From WikiProjectMed
Jump to navigation Jump to search

Other names: Vasculitides,[1] angiitis[2]
Smaller and larger areas of bleeding into the skin on the lower limb due to medication-induced vasculitis.
SymptomsFever, weight loss, tiredness, bleeding, tender blood vessels[3][4]
ComplicationsStroke, heart attacks, aortic dissection, kidney failure, coughing up blood[3]
Usual onsetVariable[4]
TypesLarge: Giant cell arteritis, Takayasu disease, Behcet disease[3][5]
Medium: Kawasaki disease, polyarteritis nodosa[3][5]
Small: Microscopic polyangiitis, granulomatosis with polyangiitis[3][5]
CausesOften unknown[3]
Diagnostic methodBlood tests, medical imaging, biopsy[5]
Differential diagnosisInfective endocarditis, histoplasmosis, gonorrhea, thrombotic thrombocytopenic purpura
TreatmentDepends on the type, often initially with steroids[3]

Vasculitis is a group of disorders that involves inflammation of blood vessels.[3][6] Symptoms may include fever, weight loss, tiredness, bleeding, and tender blood vessels.[3][4] Further symptoms may vary depending on the location and type of vessel affected.[3] Complications may include stroke, heart attacks, aortic dissection, kidney failure, and coughing up blood.[3]

There are more than 30 types of vasculitis, which may involve arteries, veins, or capillaries.[3][5] Types that involve large vessels include giant cell arteritis (GCA), Takayasu disease, and Behcet disease; types that involve medium vessels include Kawasaki disease and polyarteritis nodosa (PAN); and types that involve small vessels include microscopic polyangiitis and granulomatosis with polyangiitis (GPA).[3][5] There; however, may be overlap between these groups.[5]

The cause is often unknown, though certain cases may be triggered by an infection, medication, or other disorder.[3][5] Risk factors depend on the condition in question.[3] The underlying mechanism is often that of an autoimmune disease with neutrophils entering the inner lining of the vessel.[6][4] The diagnosis may be suspected based on blood tests, such as ESR or CRP, medical imaging, and biopsy.[3][5]

Treatment depends on the type, though steroids are often used initially.[3] About 3 per 100,000 people are newly affected by a systemic vasculitis per year in Europe and the United States.[3] In those over the age of 50 GCA newly affects about 24 per 100,000 per year.[3] Different types of disease are more common within certain age groups.[4] Overall males and females are affected with similar frequency.[2] While the condition has been described since at least the 11th century the first detailed description is attributed to Kussmaul and Maier in 1866.[7]

Signs and symptoms

Possible symptoms include:[8]



Vasculitis can be classified by the cause, the location, the type of vessel or the size of vessel.

  • Underlying cause. For example, the cause of syphilitic aortitis is infectious (aortitis simply refers to inflammation of the aorta, which is an artery.) However, the causes of many forms of vasculitis are poorly understood. There is usually an immune component, but the trigger is often not identified. In these cases, the antibody found is sometimes used in classification, as in ANCA-associated vasculitides.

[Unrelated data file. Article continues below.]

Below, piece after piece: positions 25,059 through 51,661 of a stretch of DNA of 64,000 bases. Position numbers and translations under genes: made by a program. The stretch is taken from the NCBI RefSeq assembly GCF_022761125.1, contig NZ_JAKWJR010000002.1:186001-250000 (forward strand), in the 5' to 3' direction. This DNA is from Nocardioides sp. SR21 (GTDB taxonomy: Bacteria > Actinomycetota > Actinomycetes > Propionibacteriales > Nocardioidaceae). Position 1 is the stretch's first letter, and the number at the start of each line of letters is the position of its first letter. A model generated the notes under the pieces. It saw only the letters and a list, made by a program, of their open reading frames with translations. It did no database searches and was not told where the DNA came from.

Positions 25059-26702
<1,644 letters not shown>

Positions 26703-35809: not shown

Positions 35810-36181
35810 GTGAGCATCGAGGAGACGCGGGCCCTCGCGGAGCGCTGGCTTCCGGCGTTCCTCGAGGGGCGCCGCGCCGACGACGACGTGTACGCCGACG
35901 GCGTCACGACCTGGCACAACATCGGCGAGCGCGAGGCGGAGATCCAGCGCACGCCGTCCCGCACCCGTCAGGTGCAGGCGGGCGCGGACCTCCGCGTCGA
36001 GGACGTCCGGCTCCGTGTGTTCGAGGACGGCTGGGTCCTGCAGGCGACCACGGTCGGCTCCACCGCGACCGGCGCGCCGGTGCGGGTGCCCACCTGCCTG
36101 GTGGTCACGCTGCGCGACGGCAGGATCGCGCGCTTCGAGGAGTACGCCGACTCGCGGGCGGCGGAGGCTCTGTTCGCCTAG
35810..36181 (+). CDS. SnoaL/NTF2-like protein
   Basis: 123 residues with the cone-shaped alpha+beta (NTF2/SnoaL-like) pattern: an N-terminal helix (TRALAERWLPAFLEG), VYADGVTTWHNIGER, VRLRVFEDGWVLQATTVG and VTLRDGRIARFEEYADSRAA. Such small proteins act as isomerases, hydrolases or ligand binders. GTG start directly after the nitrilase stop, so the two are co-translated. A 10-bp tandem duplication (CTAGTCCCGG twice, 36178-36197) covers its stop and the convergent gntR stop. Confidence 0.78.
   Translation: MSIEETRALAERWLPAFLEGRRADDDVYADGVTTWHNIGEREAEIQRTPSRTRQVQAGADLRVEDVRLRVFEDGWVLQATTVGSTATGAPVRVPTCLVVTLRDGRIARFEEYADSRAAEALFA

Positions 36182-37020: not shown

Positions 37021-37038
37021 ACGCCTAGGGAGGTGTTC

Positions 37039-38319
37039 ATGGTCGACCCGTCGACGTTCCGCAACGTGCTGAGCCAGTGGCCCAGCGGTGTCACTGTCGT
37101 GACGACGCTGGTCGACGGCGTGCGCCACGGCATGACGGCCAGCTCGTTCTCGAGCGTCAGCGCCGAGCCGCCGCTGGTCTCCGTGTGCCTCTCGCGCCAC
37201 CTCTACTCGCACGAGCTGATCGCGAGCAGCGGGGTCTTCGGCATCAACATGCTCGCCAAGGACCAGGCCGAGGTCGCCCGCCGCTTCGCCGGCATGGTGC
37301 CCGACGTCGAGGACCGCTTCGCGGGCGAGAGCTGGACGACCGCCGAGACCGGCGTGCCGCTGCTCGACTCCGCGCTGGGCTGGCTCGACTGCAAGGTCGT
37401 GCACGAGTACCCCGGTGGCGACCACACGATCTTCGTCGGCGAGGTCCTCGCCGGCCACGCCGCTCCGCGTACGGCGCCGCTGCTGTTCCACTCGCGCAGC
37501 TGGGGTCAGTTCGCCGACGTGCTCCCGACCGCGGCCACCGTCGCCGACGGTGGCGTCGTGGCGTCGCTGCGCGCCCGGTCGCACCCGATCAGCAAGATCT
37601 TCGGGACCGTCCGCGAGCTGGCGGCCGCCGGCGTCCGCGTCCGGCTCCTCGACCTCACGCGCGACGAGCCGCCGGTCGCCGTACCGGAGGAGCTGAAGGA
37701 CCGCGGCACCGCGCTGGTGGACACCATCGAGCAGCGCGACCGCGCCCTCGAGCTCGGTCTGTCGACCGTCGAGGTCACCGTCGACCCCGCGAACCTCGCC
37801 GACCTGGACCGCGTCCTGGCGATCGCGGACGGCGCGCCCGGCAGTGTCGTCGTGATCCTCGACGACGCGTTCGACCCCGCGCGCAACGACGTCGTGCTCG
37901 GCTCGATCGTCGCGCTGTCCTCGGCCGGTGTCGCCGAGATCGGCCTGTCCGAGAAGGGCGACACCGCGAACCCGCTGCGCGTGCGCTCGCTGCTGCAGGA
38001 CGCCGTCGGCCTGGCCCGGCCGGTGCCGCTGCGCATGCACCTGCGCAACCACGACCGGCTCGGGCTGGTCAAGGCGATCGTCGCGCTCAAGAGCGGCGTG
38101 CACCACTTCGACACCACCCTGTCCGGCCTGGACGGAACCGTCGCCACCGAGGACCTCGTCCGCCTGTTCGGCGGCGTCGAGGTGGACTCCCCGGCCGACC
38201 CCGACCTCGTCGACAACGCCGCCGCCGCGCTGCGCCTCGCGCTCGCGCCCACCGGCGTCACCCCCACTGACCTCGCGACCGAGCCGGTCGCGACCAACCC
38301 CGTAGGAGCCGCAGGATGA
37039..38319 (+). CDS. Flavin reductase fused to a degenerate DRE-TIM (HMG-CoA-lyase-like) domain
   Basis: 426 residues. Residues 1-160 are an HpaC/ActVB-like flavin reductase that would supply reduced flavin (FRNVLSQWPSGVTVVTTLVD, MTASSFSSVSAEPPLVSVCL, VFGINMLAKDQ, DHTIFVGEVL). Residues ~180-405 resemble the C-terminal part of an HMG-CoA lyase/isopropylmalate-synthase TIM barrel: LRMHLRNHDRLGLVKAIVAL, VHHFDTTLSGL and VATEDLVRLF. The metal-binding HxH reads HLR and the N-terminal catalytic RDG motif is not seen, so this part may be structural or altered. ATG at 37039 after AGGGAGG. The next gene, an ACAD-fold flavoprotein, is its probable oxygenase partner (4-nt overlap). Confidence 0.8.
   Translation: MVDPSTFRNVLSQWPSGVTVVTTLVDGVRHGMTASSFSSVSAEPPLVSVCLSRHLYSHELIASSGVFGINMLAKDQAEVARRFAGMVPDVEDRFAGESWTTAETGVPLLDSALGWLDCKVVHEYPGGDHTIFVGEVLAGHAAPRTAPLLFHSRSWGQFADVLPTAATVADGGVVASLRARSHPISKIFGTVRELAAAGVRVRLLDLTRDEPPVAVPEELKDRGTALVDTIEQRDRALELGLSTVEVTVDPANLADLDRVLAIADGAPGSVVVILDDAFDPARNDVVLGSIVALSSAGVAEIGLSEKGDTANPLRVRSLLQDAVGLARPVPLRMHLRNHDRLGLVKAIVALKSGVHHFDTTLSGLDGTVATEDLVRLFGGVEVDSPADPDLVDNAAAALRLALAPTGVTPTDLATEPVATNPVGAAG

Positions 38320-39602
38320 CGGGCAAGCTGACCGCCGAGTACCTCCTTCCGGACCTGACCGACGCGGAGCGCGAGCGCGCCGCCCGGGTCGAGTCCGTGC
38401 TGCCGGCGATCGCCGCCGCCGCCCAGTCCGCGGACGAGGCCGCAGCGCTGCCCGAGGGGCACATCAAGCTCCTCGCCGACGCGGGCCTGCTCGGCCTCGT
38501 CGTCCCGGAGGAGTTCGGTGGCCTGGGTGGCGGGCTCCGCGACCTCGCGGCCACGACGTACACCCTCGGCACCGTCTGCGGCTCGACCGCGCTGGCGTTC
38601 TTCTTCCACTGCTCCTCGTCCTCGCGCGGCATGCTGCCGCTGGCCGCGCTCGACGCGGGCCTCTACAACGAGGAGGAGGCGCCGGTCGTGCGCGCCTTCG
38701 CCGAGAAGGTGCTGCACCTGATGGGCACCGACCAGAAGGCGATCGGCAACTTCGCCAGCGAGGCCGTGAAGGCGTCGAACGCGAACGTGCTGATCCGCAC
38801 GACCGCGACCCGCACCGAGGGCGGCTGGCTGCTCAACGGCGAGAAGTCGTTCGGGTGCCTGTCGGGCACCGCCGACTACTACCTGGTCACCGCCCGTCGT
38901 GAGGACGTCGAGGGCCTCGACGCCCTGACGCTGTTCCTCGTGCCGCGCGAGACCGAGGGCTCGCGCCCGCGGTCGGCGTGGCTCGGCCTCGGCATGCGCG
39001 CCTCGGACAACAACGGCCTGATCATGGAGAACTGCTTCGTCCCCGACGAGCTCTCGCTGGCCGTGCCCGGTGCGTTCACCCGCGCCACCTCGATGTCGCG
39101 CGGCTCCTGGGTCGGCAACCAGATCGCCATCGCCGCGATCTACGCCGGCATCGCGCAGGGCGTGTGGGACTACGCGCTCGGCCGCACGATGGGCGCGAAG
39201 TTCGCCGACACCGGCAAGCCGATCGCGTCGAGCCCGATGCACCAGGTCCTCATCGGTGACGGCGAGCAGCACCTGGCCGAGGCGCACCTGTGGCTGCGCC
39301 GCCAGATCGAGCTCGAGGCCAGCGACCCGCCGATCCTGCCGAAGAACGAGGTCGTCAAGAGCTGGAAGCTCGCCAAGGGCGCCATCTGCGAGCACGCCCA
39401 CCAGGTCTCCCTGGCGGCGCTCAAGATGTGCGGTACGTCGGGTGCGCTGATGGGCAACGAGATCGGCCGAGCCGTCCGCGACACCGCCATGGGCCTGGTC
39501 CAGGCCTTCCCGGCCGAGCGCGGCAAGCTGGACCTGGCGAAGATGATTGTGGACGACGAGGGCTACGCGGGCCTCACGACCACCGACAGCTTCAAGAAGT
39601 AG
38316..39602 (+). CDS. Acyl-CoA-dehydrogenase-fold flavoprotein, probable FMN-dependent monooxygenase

• Location of the affected vessels. For example, ICD-10 classifies "vasculitis limited to skin" with skin conditions (under "L"), and "necrotizing vasculopathies" (corresponding to systemic vasculitis) with musculoskeletal system and connective tissue conditions (under "M"). Arteritis/phlebitis on their own are classified with circulatory conditions (under "I").
  • Type or size of the blood vessels that they predominantly affect.[9] Apart from the arteritis/phlebitis distinction mentioned above, vasculitis is often classified by the caliber of the vessel affected. However, there can be some variation in the size of the vessels affected.

A small number have been shown to have a genetic basis. These include adenosine deaminase 2 deficiency and haploinsufficiency of A20.

According to the size of the vessel affected, vasculitis can be classified into:[10][11]

Major types
Vasculitis Affected organs Histopathology
Cutaneous small-vessel vasculitis Skin, kidneys Neutrophils, fibrinoid necrosis
Granulomatosis with polyangiitis Nose, lungs, kidneys Neutrophils, giant cells
Eosinophilic granulomatosis with polyangiitis Lungs, kidneys, heart, skin Histiocytes, eosinophils
Behçet's disease Commonly sinuses, brain, eyes and skin; can affect other organs such as lungs, kidneys, joints Lymphocytes, macrophages, neutrophils
Kawasaki disease Skin, heart, mouth, eyes Lymphocytes, endothelial necrosis
Buerger's disease Leg arteries and veins (gangrene) Neutrophils, granulomas
"Limited" granulomatosis with polyangiitis vasculitis Commonly sinuses, brain, and skin; can affect other organs such as lungs, kidneys, joints;

Takayasu's arteritis, polyarteritis nodosa and giant cell arteritis mainly involve arteries and are thus sometimes classed specifically under arteritis.

Furthermore, there are many conditions that have vasculitis as an accompanying or atypical feature, including:

In pediatric patients varicella inflammation may be followed by vasculitis of intracranial vessels. This condition is called post varicella angiopathy and this may be responsible for arterial ischaemic strokes in children.[12]

Several of these vasculitides are associated with antineutrophil cytoplasmic antibodies.[13] These are:


Micrograph showing a vasculitis (Eosinophilic granulomatosis with polyangiitis). H&E stain.
Severe vasculitis of the major vessels, displayed on FDG-PET/CT
  • Some types of vasculitis display leukocytoclasis, which is vascular damage caused by nuclear debris from infiltrating neutrophils.[14] It typically presents as palpable purpura.[14] Conditions with leucocytoclasis mainly include hypersensitivity vasculitis (also called leukocytoclastic vasculitis) and cutaneous small-vessel vasculitis (also called cutaneous leukocytoclastic angiitis).